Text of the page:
Song of Solomon 6:2 “My beloved is gone down into his garden, to the beds of spices, to feed in the gardens, and to gather lilies.” Notice the bridegroom’s love. He was the one who had been rejected and mistreated. How did he respond? Did he spurn her, reject her, lecture her, or exact a clear confession of her sin to him? The restoration of their fellowship was not primarily based on her sincere repentance—although her brokenhearted actions give mute testimony to its existence; the focus of their reunion is the fact that the husband did not turn away from her. Despite her careless rejection, he still loved her and desired her!
He didn’t give her a cold shoulder when they met again; he welcomed her into the warmth of his embrace! Only rarely does the world seem to give some insight into true love, but there is a beautiful quotation in Shakespeare’s much loved Romeo and Juliet that seems to capture a hint of God’s love for us, and I can almost imagine the bridegroom whispering such a reassurance to his bride at this time of reunion: “My bounty is as boundless as the sea, my love as deep. The more I give to thee, the more I have, for both are infinite.”
He didn’t need to scold her, because he was too overjoyed to see her. He didn’t need to hear her confession, because he’d already forgiven her. What love our Lord has for us! It is pictured so perfectly in the parable Jesus told of the prodigal son, who demanded his inheritance early, left home, wasted all his money, and then returned in rags and remorse to his father. The son’s heart cried, “Father, I have sinned against heaven, and in thy sight, and am no more worthy to be called thy son” (Luke 15:21). But, what was the Father’s heart?
Before the son had a chance to get close enough to speak, “when he was yet a great way off, his father saw him, and had compassion, and ran, and fell on his neck, and kissed him” (Luke 15:20). And, what was the father’s response to his son’s confession? “Yes, boy, you were a real fool, and I’ve regretted ever having you. You’ve humiliated me in front of the whole village and all our friends think I must have been a terrible father to have such a wicked, shiftless son. You’ve caused your mother endless grief…she’s cried every night since you left. You should be ashamed of yourself. You don’t deserve to be called our son anymore, but I guess if you want to be like one of our hired servants, I won’t turn you away. You can sleep in the barn until you find some place to stay, and I’ll find you some leftovers from our supper to tide you over until you can earn enough to feed yourself. I hope you appreciate my generosity and compassion.”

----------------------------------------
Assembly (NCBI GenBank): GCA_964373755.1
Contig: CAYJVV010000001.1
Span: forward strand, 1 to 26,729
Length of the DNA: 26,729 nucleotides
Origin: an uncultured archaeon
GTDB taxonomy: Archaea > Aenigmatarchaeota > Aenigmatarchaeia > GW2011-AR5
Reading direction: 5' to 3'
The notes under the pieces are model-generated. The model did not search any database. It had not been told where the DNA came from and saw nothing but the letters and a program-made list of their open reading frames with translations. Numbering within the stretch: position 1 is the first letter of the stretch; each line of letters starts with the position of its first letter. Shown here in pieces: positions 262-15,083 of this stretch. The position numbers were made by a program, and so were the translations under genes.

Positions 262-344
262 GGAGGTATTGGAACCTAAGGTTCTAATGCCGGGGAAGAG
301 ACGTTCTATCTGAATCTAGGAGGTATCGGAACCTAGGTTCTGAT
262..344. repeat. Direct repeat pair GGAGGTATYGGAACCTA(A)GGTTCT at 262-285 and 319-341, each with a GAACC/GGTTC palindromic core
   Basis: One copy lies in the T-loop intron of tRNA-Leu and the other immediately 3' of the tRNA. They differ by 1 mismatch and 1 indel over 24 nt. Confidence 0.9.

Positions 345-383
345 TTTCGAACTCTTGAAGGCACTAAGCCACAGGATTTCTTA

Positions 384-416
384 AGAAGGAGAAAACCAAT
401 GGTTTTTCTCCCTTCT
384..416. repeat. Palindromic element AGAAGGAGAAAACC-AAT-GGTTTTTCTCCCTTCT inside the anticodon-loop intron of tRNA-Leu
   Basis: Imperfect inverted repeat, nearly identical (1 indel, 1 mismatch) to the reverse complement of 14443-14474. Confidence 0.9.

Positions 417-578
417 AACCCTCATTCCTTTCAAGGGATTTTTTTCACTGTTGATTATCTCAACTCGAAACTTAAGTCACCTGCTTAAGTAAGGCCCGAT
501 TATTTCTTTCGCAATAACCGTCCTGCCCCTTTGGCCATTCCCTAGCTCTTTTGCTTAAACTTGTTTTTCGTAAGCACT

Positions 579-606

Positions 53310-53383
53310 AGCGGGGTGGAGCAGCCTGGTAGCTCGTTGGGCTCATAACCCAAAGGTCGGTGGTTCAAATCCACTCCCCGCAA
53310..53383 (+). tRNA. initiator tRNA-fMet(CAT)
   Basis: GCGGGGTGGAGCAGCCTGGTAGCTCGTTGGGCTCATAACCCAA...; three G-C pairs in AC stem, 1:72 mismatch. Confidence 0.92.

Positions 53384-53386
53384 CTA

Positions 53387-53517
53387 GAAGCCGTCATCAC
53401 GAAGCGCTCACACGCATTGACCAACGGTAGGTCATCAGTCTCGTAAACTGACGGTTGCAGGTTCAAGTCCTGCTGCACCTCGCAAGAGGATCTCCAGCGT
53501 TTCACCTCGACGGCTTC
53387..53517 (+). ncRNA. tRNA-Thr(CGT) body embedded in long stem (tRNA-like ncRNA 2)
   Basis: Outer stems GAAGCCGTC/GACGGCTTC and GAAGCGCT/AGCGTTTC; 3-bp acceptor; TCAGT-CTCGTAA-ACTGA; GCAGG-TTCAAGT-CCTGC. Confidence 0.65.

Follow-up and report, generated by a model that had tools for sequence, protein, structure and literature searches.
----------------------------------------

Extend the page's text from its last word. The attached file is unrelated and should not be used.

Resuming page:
You may laugh, but that is actually what the son deserved to hear…even from a “good” father. The letter of the law would have refused to have anything to do with such a rebellious, wicked son. Human goodness would have probably gone as far as the lecture above. But, look at grace, wonderful grace! What did Jesus say the father (Father!) really said? “Bring forth the best robe, and put it on him: and put a ring on his hand, and shoes on his feet: and bring hither the fatted calf, and kill it; and let us eat, and be merry: for this my son was dead, and is alive again: he was lost, and is found” (Luke 15:22-24).
Oh, dear brothers and sisters, stand with me, amazed in the presence of such divine love! Comprehend with me a glimmering of the breadth, and length, and depth, and height of the love of Christ. Have you refused him at some point? Have you sought him with your whole heart? See him running toward you with arms outstretched, eager to hold you again in his embrace! Come home. Know again the rapture of his love!
“Driven to the desert, to seek the Lord apart,
His Spirit touched my spirit, His whispers reached my heart—
“Far, far on that untrodden shore, God’s secret place I find,
Alone I pass the golden door, the desert left behind.” —L.M. McPhee